Attorneys for several Houston pastors are challenging the city’s attempts to subpoena their sermons as part of a lawsuit against the recently passed transgender-rights law, also known as the “bathroom bill.”
The subpoenas ask the pastors to turn over all communications related to the Houston Equal Rights Ordinance, or HERO, which was approved by the city council in June. A citizen petition-gathering effort to overturn the measure was thwarted after the city attorney said the number of valid signatures fell short.
Opponents of the ordinance, which forbids businesses open to the public from stopping individuals from using opposite-sex bathrooms if their gender identity doesn’t match their biological sex, filed a lawsuit in August challenging the city attorney’s ruling.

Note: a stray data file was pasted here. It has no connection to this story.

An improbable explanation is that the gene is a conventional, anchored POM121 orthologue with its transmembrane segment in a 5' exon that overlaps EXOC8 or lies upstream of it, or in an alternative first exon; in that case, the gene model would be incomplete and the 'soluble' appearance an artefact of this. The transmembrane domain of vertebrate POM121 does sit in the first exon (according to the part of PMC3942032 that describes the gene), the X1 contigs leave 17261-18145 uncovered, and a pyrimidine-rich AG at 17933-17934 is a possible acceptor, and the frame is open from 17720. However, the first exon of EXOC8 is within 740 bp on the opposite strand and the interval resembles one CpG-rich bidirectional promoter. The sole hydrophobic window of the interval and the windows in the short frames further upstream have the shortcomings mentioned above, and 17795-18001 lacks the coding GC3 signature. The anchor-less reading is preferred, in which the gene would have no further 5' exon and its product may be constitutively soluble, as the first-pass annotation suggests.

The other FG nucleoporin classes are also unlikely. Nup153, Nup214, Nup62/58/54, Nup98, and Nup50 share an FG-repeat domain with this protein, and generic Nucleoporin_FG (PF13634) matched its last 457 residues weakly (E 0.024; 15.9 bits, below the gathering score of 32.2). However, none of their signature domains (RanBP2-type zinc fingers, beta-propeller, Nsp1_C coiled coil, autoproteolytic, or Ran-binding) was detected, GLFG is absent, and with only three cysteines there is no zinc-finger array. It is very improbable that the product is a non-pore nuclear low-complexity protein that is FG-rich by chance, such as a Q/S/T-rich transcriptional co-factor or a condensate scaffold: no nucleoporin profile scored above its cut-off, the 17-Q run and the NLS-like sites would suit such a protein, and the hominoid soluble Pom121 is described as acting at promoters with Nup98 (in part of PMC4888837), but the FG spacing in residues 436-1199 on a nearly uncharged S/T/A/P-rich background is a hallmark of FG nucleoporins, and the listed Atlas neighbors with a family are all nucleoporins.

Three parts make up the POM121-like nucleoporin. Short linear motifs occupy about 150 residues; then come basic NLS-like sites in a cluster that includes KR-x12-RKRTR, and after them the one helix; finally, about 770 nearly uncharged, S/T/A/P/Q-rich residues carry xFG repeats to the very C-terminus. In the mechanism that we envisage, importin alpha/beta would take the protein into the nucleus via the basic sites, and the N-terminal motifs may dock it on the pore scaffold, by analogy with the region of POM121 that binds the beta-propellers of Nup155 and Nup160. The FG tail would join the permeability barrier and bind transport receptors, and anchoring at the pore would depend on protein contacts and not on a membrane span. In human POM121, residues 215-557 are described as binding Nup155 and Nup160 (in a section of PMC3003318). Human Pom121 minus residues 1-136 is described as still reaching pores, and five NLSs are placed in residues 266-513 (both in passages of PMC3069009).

Alliance Defending Freedom senior legal counsel Erik Stanley said the pastors subject to the city’s subpoenas are not party to the lawsuit.
“City council members are supposed to be public servants, not ‘Big Brother’ overlords who will tolerate no dissent or challenge,” said Mr. Stanley in a statement. “In this case, they have embarked upon a witch-hunt, and we are asking the court to put a stop to it.”
One of the subpoenas posted on the ADF website requires that the pastor produce “[a]ll speeches, presentations, or sermons related to HERO, the Petition, Mayor Annise Parker, homosexuality, or gender identity prepared by, delivered by, revised by, or approved by you or in your possession.”
The subpoena also asks for, “All communications with members of your congregation regarding HERO or the Petition.”
In a Tuesday statement, ADF said that the citizens’ groups submitted three times the number of necessary signatures, and that the city secretary certified them as sufficient. But city attorney David Feldman said the petitions included “too many documents with irregularities and problems to overlook,” according to an Aug. 4 report in the Lone Star Q.